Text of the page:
Recently I have become slightly dubious of the degree of sociability within the social media. This month has seen the release of statistics from Forrester Research suggesting that faith in corporate blogs is as low as 16%. It has also been a month in which one of social media's most genuine enthusiasts, one Chris Brogan, had his integrity questioned by the online community to which he has given so much, requesting nothing in return. What is going on? This kind of behaviour is most certainly not lovable...
I think that the problem is that we are losing our perspective. Whilst many bloggers, myself included, have discussed the importance of transparency in the social media, our views thereof appear to have become blinkered, rendering anyone that accepts money for sponsored social media employment an opportunist. Does Chris Brogan's fully disclosed blog post for Kmart make him a social media traitor? Don't be absurd. Brogan helps thousands of people daily, and I personally consider this issue to have been blown fully out of proportion. Those that might suggest that Brogan's actions are devious should consider the time and effort which he directs into helping the community.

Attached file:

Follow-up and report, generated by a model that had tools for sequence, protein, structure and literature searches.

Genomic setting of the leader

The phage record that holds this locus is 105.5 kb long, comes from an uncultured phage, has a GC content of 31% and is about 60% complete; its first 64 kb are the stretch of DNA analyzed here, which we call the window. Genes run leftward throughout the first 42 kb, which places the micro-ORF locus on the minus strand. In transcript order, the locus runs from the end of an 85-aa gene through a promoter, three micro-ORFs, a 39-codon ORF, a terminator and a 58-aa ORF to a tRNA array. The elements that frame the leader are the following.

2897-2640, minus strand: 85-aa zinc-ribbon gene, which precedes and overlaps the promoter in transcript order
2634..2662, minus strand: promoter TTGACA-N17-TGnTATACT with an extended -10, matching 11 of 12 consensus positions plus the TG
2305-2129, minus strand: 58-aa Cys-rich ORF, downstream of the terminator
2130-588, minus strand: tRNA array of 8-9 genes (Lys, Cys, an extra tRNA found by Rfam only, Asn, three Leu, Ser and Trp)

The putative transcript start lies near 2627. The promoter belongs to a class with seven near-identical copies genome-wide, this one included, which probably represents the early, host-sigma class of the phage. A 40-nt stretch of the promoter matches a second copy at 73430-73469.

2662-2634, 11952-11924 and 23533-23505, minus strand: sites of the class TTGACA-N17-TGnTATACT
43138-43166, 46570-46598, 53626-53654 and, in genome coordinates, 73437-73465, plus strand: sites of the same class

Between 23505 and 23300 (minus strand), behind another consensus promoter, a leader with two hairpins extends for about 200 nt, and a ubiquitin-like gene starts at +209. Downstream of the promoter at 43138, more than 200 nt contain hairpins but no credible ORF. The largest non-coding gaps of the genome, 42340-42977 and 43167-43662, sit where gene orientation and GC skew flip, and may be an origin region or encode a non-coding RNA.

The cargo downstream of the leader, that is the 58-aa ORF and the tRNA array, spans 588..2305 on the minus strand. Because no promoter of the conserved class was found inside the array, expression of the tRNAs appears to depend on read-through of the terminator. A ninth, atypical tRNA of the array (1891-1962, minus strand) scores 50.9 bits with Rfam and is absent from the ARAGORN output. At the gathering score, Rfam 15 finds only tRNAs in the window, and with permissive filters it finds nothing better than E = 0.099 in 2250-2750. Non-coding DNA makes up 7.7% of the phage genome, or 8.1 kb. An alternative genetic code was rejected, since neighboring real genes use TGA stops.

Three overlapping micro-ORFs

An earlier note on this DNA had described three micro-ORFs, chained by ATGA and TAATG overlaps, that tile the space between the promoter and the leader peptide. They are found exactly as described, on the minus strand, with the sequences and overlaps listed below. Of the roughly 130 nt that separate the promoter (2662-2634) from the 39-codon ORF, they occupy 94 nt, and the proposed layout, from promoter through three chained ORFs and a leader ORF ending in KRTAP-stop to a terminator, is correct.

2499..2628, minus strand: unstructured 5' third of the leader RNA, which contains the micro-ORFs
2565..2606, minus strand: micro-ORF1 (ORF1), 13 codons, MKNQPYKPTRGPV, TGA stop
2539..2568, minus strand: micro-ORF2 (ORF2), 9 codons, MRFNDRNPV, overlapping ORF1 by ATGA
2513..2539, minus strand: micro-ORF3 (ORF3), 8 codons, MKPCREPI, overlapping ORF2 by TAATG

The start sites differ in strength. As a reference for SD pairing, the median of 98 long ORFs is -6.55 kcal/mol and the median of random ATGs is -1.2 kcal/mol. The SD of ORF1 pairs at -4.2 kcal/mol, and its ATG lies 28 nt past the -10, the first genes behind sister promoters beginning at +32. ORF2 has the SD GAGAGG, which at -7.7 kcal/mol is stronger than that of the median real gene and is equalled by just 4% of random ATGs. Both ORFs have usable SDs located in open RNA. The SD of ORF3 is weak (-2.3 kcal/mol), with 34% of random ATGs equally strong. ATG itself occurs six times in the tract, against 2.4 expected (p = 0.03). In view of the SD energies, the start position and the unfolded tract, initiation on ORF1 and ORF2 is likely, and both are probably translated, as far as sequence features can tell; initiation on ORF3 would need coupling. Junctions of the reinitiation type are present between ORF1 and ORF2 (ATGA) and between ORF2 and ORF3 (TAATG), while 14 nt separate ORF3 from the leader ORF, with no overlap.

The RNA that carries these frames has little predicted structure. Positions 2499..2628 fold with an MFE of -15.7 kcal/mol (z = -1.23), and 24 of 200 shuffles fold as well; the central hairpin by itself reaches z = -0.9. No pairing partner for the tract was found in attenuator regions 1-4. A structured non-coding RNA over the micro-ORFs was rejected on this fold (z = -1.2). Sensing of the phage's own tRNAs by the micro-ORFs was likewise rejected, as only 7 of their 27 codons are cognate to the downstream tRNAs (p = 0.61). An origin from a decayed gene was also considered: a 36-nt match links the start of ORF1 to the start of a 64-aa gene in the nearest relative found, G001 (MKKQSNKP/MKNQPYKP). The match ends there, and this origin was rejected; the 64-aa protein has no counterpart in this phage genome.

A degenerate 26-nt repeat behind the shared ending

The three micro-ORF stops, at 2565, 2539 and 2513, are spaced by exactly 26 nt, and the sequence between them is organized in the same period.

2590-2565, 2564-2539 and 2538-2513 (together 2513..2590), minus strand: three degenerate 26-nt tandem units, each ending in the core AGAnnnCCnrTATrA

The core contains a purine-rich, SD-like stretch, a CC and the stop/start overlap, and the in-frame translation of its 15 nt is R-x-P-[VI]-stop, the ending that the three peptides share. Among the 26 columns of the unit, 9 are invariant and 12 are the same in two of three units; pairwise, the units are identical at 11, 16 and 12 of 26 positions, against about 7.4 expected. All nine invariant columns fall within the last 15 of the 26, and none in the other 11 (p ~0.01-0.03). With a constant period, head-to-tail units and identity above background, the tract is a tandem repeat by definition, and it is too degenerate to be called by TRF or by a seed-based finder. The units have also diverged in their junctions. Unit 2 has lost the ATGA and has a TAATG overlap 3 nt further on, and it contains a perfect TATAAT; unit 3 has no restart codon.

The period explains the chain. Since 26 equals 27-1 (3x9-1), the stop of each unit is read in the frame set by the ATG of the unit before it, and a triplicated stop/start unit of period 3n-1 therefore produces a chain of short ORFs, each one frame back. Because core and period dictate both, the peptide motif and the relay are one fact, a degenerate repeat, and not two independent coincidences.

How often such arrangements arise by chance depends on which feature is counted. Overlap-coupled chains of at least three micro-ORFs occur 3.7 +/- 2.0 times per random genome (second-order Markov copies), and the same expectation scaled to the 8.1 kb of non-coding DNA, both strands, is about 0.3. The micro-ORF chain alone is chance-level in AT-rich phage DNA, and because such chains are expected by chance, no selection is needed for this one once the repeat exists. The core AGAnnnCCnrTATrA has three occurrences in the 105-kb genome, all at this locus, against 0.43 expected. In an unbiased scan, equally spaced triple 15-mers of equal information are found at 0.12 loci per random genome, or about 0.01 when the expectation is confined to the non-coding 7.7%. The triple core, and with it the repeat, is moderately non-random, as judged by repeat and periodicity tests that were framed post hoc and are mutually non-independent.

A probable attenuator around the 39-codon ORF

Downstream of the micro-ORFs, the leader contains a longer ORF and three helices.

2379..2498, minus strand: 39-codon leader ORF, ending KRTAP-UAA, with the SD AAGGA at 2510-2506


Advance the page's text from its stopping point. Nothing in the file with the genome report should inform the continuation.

Perspective would ensure that Brogan's action be taken for what they were; an objective look at a given situation. Brogan would have nothing to gain from conning the very community which he voluntarily benefits on a daily basis. That he was 'sponsored' to offer these opinions is trivial. Whilst social media best practices concerning such subjects as transparency have become common knowledge, we must ensure that we too are objective in the application thereof. Why must we challenge those that offer so much to our online conversation? If these individuals are lost from the conversation, believe me, it is the community that misses out.
Put things into perspective, don't blow minor issues out of proportion, and help to ensure that the conversation remains a socially beneficial forum for all.